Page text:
This week we're looking at the key questions facing every SEC team this offseason. Now we take a look at Missouri, a team coming off a 4-8 campaign in Barry Odom's first season:
1. Can the defense return to its pre-2016 form?
If there was aspect of the Tigers that figured to be a strength in 2016, it was the defense. The unit returned seven starters from a 2015 group that was one of the best in the SEC and nationally, and the Tigers' new head coach, Odom, was the team's defensive coordinator before being promoted. Instead, the Tigers regressed to one of the SEC's worst defenses, allowing 31.5 points per game (12th in the league) and an SEC-worst 479.7 yards per game. Down the stretch, Odom took over play-calling duties from defensive coordinator DeMontie Cross and at least some progress was made: after allowing at least 6.7 yards per play in their four October games, the Tigers allowed 5.9 or fewer in three of their four November contests. Odom said in 2017 he'll maintain the same role he had on defense late in the season, but now the Tigers must overcome the losses of several key players, like defensive end Charles Harris, linebacker Michael Scherer and cornerback Aarion Penton.
2. Will the Missouri offense take the next step?
If there was a pleasant surprise for the 2016 Tigers, it was the emergence of the offense. Under new offensive coordinator Josh Heupel, the unit took a significant step forward, going from the SEC's worst (13.6 points per game in 2015) to one of the better units (31.4 points per game, fifth in the SEC). Sophomore quarterback Drew Lock was much improved, his weapons developed (namely running back Damarea Crockett and receiver J'Mon Moore) and the offensive line -- a concern coming into the season -- turned out to be a strength. However, take a closer look at the numbers and it's clear more improvement is needed: The Tigers averaged only 21.3 points per game against Power 5 conference opponents (12th in the SEC) while averaging 53 points against their two FBS non-Power 5 foes. In SEC play, the Tigers averaged only 22.6 points per game. It's still a big improvement, but another step needs to be taken. The good news for Heupel is that 10 of 11 offensive starters will return next season, including those three names noted above. Tight end Sean Culkin, who was a senior, is the only loss.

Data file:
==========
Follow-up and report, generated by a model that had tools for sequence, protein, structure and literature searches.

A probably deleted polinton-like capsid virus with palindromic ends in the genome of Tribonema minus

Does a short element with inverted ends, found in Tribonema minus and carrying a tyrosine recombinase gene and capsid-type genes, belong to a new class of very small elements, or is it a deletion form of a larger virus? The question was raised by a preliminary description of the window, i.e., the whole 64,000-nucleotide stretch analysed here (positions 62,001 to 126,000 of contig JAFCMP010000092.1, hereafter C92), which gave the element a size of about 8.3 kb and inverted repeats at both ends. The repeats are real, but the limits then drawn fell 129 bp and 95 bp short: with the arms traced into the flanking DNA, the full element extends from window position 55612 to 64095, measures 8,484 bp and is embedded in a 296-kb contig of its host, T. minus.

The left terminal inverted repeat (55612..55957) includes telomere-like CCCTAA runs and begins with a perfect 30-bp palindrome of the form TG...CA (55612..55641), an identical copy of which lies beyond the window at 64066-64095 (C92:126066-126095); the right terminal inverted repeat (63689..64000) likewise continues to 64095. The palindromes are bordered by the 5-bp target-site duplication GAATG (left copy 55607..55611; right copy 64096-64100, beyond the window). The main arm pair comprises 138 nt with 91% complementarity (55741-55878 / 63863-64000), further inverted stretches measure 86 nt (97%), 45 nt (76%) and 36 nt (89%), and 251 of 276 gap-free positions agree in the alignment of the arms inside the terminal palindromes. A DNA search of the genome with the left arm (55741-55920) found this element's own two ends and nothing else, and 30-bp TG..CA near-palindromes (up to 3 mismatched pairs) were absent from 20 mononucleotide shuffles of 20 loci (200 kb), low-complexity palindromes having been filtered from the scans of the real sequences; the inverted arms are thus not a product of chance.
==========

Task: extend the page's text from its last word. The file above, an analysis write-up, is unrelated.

3. Can the Tigers go bowling in 2017?
After two bowl-less seasons, this will be an important goal to achieve in 2017. Taking over for someone as successful as Gary Pinkel isn't easy, as Odom learned, but it's even more difficult when taking into account what transpired at Missouri in 2015 and in Odom's first offseason, with significant attrition from the roster at key positions happening. If Odom can fix the defense, the Tigers seem to be a prime candidate to get back to the six-win mark. The offense is good enough already to get the Tigers through a solid non-conference schedule; if they can go 4-0 against Purdue, Connecticut, Idaho and Missouri State, they'll have a good shot at it, because two more wins in SEC play is easily doable (the Tigers achieved that this season). In Pinkel's last 11 seasons, the Tigers went bowling nine times and won four division titles. Getting back on the winning track is important for the future of Missouri's program.